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Substance Abuse and Pregnancy: What Women Should Know



Substance abuse during pregnancy is a serious issue that can cause lasting damage to children. 

If a pregnant woman continues to use drugs, she may harm her unborn child. While the risks associated with drug use are well known, many women don’t get treatment for their addiction. 

Some doctors fail to screen pregnant women for substance abuse or offer them addiction treatment. 

But getting help for maternal substance abuse can protect your baby from harm and improve his or her chances of having a healthy life after birth.


Table of Contents

Substance abuse can cause serious problems in unborn babies

Substance abuse can cause serious problems in unborn babies. Some of these problems are known as fetal alcohol syndrome (FAS), fetal alcohol spectrum disorder (FASD), fetal cocaine syndrome (FCS), and a few other syndromes related to specific drugs.

Fetal alcohol syndrome occurs when a pregnant woman drinks while pregnant; it causes physical growth problems and intellectual disabilities. 

ASD is diagnosed when there are no major physical signs of FAS but an intellectual disability still exists; it’s not clear how much alcohol may have been involved in this case.

Other substances can also affect your baby’s health before birth:

Cocaine – This drug has also been linked to low birth weight, premature birth, and heart defects for the baby after birth if taken during pregnancy. 

Cocaine exposure at any time during pregnancy increases the risk of miscarriage or stillbirth. 

Evidence suggests that cocaine use during pregnancy may cause significant brain damage.

Heroin – Heroin crosses through the placenta into your baby’s bloodstream, so using heroin while pregnant puts your child at risk for several complications including premature delivery, low birth weight, breathing problems, and jitteriness upon being born.


Babies born to mothers who abused drugs during pregnancy may require treatment after birth

Treatment may include a combination of medication and psychotherapy, tailored to the needs of the individual. 

Treatment is typically provided at a hospital or in a residential setting, depending on the severity of symptoms and how much care is needed.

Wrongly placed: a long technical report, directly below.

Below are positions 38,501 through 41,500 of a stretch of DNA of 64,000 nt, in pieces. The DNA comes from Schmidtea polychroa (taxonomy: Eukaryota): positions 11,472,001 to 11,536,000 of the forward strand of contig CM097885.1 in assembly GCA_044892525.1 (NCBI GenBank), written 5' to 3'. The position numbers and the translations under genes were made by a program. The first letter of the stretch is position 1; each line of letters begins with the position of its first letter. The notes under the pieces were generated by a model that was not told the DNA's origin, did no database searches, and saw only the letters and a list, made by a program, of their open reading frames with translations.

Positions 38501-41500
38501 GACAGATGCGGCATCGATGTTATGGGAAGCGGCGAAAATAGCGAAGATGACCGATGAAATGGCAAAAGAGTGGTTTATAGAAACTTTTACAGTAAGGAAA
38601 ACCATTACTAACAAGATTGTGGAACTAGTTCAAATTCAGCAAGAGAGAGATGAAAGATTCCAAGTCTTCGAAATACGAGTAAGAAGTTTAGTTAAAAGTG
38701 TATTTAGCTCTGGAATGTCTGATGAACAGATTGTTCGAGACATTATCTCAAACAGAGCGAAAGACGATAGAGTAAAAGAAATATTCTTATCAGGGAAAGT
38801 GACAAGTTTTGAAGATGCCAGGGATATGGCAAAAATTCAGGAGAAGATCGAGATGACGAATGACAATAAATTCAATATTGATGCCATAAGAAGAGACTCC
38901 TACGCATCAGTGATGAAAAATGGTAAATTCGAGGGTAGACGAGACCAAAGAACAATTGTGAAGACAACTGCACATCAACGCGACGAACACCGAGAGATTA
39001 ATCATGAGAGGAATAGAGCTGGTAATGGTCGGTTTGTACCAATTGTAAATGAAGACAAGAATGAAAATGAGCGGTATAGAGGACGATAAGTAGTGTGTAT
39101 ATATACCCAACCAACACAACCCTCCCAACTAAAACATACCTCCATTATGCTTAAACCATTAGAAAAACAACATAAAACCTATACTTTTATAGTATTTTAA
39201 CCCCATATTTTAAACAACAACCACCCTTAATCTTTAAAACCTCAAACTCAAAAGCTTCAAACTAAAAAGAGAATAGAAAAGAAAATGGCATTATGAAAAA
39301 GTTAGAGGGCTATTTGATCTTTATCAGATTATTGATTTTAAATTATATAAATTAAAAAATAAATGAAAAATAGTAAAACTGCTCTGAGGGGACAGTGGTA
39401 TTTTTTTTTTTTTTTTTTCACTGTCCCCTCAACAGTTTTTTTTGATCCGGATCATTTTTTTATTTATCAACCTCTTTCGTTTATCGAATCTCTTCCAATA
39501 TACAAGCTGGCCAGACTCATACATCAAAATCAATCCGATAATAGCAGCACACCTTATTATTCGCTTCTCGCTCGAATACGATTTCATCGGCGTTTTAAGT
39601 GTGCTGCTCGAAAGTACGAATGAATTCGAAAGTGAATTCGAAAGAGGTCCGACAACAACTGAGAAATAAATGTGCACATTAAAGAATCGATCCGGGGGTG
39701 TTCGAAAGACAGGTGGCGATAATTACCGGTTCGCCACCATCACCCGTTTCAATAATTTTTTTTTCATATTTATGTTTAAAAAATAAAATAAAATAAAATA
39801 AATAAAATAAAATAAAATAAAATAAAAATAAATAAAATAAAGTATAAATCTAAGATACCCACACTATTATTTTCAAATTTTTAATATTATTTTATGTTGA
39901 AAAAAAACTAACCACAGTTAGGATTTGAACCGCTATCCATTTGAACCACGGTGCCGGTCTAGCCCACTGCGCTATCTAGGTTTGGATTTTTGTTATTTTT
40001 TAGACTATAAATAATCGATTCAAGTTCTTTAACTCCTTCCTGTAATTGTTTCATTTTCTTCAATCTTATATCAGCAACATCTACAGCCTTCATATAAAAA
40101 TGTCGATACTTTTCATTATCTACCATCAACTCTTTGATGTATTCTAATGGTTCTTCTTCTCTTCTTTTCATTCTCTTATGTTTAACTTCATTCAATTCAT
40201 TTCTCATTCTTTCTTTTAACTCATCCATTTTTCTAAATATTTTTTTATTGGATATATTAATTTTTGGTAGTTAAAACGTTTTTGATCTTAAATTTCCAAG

Pregnant women who are battling substance abuse may feel tremendous guilt and shame over their behavior.

As a pregnant woman who is battling substance abuse, you may feel tremendous guilt and shame over your behavior. 

The most important thing to understand is that feeling guilty is not necessarily a bad thing. 

It can help motivate you to change your behavior and make better choices in the future.

You may be afraid of losing your baby or afraid of what will happen if others find out about your addiction. 

You may also feel ashamed about the harm you are doing to yourself, which can make it difficult for others to help or support you because they do not want to upset or disappoint you with their concerns about possible negative outcomes for yourself and/or your child should he/she be born with any health problems due to prenatal exposure to drugs or alcohol use during pregnancy.


Many pregnant women continue to use drugs, despite knowing they could harm the baby

Many women who are pregnant and addicted to drugs don’t get help or treatment because they don’t know they need it.

Women who are pregnant are more likely than other women to be reluctant about getting help for their addiction problems and this is especially true if they have children already. 

They may feel ashamed and want to protect the baby from harm by keeping information about substance abuse away from others

—including family members, healthcare providers, friends, and even the fathers of their babies.

A woman’s partner may also be unwilling to get an evaluation or treatment because he believes he doesn’t need it or that his support will make things worse for her during pregnancy or after delivery.


Medical professionals sometimes don't screen pregnant women for drug abuse

You may be surprised to learn that many medical professionals don’t screen pregnant women for drug abuse. 

Screening is important because it helps identify women who might benefit from treatment, but unfortunately, many doctors and nurses do not ask about substance use during prenatal care.

Screening should happen in a private setting with questions asked respectfully by someone who has been trained to ask about substance use. 

Screening can be done at any time during pregnancy and does not need to take place just before delivery or in the hospital after you have delivered your baby.


Treatment of maternal substance abuse may help improve the baby's health and reduce the risks to the fetus

Treatment is usually started before pregnancy and can include therapy, counseling and support groups. 

If you are pregnant and want treatment, call your healthcare provider right away. 

Treatment can help you get your life back on track so you can be more successful in staying drug-free during pregnancy.


Getting help for substance abuse can protect your baby from harm

Getting clean and staying clean is the best way to make sure that you’re providing a safe environment for both of you. 

Treatment may also improve your relationship with the father of your child, which will make life easier down the road. 

Treatment can help you find a new job or get back on track with school so that you can provide for yourself and your child.

There is no doubt that substance abuse during pregnancy can lead to serious health problems in newborns and children

—but getting treatment can help prevent these problems from occurring in the first place!

If you are pregnant and struggling with substance use, there is hope. Treatment can help you recover from your addiction and reduce the risks to your baby.


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